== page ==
The UFC’s middleweight picture is pretty simple right now, if simple were only so easy (Note: No such thing as "easy" in the fight game). Champion Chris Weidman defends his title at UFC 173 against Vitor Belfort. That is, so long as everybody stays healthy and Belfort doesn’t have any trouble competing in the state of Nevada, which is no given considering the TRT/TUE hurdles. With all the scrutiny Belfort is receiving, you half expect the pitchforks and torches to come out in May (and those just from the Zuffa front office for anybody trying to single Belfort out).
And after Saturday night’s UFC Fight Night 36 card, the No. 1 contender fight to make is obvious: Lyoto Machida against Ronaldo Souza, both who scored decision victories in Jaragua do Sul. The only caveat there is that Jacare and Machida would really rather not. They are associates and longtime running dawgs of former middleweight champ Anderson Silva. Part of the friends network and all that.
But they’d do it if the UFC twists their arms.
"This [185-pound] division has a lot of great fighters," Machida said in the UFC Fight Night 36 post-fight press conference. "I wouldn’t want [the Jacare] fight, but if [the UFC] wants it we’ll have to fight."
"We can fight, yes," Jacare reiterated. "I wouldn’t want to, but I’d accept this fight if that’s what the UFC wants. Lyoto is super professional and I’m sure he would also take it."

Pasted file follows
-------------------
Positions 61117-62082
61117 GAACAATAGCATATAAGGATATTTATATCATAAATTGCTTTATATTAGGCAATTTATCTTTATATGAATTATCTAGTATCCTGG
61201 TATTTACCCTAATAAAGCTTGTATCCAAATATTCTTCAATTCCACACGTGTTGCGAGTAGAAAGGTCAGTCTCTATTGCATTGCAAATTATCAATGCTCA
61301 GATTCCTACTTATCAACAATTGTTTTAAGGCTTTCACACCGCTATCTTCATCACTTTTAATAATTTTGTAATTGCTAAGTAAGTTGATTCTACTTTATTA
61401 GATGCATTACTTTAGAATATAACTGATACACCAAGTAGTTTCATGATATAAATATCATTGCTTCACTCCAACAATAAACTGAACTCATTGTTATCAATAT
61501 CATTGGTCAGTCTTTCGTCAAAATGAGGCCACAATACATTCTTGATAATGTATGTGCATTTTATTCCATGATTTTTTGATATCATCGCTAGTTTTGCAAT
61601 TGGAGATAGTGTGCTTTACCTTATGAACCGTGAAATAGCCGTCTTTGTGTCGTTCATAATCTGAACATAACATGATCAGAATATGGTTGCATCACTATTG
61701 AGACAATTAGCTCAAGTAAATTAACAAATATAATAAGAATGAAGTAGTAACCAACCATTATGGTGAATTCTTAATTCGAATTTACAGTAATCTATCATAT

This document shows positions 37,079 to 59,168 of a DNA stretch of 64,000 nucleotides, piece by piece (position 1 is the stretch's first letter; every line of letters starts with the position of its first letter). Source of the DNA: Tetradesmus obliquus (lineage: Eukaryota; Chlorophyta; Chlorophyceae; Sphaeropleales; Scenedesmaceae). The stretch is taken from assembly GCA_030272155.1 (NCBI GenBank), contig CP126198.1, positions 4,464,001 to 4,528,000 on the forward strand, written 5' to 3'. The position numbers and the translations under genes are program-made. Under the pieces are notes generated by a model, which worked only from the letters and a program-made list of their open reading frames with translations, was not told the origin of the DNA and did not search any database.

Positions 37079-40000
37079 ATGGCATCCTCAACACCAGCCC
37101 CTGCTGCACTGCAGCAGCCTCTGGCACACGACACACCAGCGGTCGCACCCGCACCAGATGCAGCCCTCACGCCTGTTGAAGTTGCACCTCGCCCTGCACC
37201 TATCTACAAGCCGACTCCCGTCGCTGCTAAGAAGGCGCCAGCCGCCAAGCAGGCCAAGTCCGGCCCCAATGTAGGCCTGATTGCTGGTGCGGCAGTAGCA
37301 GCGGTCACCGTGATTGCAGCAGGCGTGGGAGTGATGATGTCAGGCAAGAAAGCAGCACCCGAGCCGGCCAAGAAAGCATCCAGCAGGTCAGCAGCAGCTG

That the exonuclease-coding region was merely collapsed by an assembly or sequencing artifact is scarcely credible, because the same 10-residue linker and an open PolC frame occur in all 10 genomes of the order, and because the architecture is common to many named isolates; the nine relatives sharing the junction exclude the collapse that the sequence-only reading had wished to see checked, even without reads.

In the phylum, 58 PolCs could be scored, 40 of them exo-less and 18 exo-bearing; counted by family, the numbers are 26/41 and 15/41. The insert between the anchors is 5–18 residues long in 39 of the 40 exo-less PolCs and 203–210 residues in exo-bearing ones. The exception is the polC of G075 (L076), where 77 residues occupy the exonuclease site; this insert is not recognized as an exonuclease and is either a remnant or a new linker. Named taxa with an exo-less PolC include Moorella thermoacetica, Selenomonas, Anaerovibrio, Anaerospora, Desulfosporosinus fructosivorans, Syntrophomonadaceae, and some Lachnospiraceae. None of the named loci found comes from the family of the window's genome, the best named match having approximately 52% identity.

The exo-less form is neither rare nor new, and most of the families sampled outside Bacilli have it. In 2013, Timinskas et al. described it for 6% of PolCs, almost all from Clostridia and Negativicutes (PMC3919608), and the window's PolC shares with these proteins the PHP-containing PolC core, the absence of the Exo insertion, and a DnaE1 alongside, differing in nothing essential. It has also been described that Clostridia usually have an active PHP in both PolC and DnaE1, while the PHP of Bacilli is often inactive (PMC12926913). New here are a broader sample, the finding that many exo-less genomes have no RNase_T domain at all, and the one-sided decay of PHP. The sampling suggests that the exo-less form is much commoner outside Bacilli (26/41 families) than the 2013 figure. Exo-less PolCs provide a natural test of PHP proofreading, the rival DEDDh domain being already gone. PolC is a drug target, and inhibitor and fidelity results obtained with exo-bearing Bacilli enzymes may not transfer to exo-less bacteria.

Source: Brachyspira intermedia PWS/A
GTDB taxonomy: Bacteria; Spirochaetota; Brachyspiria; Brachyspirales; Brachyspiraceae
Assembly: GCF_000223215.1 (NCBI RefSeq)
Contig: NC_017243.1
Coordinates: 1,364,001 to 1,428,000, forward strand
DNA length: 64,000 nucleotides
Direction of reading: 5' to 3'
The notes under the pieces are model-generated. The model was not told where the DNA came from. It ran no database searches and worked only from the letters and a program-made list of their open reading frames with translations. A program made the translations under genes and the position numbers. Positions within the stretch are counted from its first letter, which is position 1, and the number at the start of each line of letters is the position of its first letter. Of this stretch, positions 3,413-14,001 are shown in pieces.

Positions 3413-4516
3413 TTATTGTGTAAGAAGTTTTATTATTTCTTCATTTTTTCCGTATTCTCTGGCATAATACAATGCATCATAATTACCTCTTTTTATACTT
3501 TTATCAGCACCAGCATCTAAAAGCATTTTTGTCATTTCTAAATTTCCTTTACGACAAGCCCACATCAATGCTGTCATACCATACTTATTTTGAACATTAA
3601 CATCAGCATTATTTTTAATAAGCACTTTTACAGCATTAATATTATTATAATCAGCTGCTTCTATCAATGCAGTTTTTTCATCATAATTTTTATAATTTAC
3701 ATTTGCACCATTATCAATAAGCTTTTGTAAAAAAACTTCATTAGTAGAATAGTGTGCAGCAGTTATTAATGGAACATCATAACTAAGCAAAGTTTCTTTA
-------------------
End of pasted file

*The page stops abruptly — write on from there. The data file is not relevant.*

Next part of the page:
A little reluctance, but more resignation than anything, so…done, right?
Well…there’s also the little thing about Machida’s foot, which he fears may be broken after methodically staple-gunning Gegard Mousasi with it for five rounds. He’ll have that examined this coming week. And then there’s Jacare’s left arm, which he hurt before entering his fight with Francis Carmont. There are "bone fragments" floating around which will require arthroscopic surgery to remove before he enters the Octagon again.
Should Jacare and Machida fight, it might be down the road a bit. Could it be within earshot of May, so as to mesh the schedules up with the champion? That’s the question. Things so rarely work out as we’d like them to.
Meanwhile all the rest of the UFC middleweights are sort of accounted for and appropriately booked. Luke Rockhold, who walked through Costas Philippou in January, has Tim Boetsch on the docket. American Tim Kennedy will fight Britain’s Michael Bisping at the TUF Nations: Canada vs. Australia Finale in Quebec City in what promises to be a cosmopolitan affair. Mark Munoz, having lost to Machida in October and come up short in his campaign to face Bisping, can fight either Carmont or Mousasi.
That is, if Mousasi hangs around 185. He may head back off to light heavyweight, where he made his name. And Carmont, who was marveled and gawked at all week for his massive size heading into the Jacare fight, could elect to bounce too. Or not. Whoever Munoz doesn’t get can go to Philippou (unless it’s Carmont, who already fought Philippou at UFC 165 in a fight best described as "pretty sucky").
Then there’s Anderson Silva, who is walking down staircases on his own after that ghastly leg break at UFC 168. He’s en-route back to the cage, but it’s an ominous pass he’s going over. Who knows if he’ll make it back, and what the landscape will look like when he does. It’s possible that by mid-2015, a 38-year old Yoel Romero will be the champion, and Tim Kennedy will be in the hoosegow for making good on his threat to stab Bisping in the heart with a unicorn’s horn.
One thing is as likely as the other, because even just a single day after the UFC’s 185-pound division gets some clarity, it all sort of feels up in the air.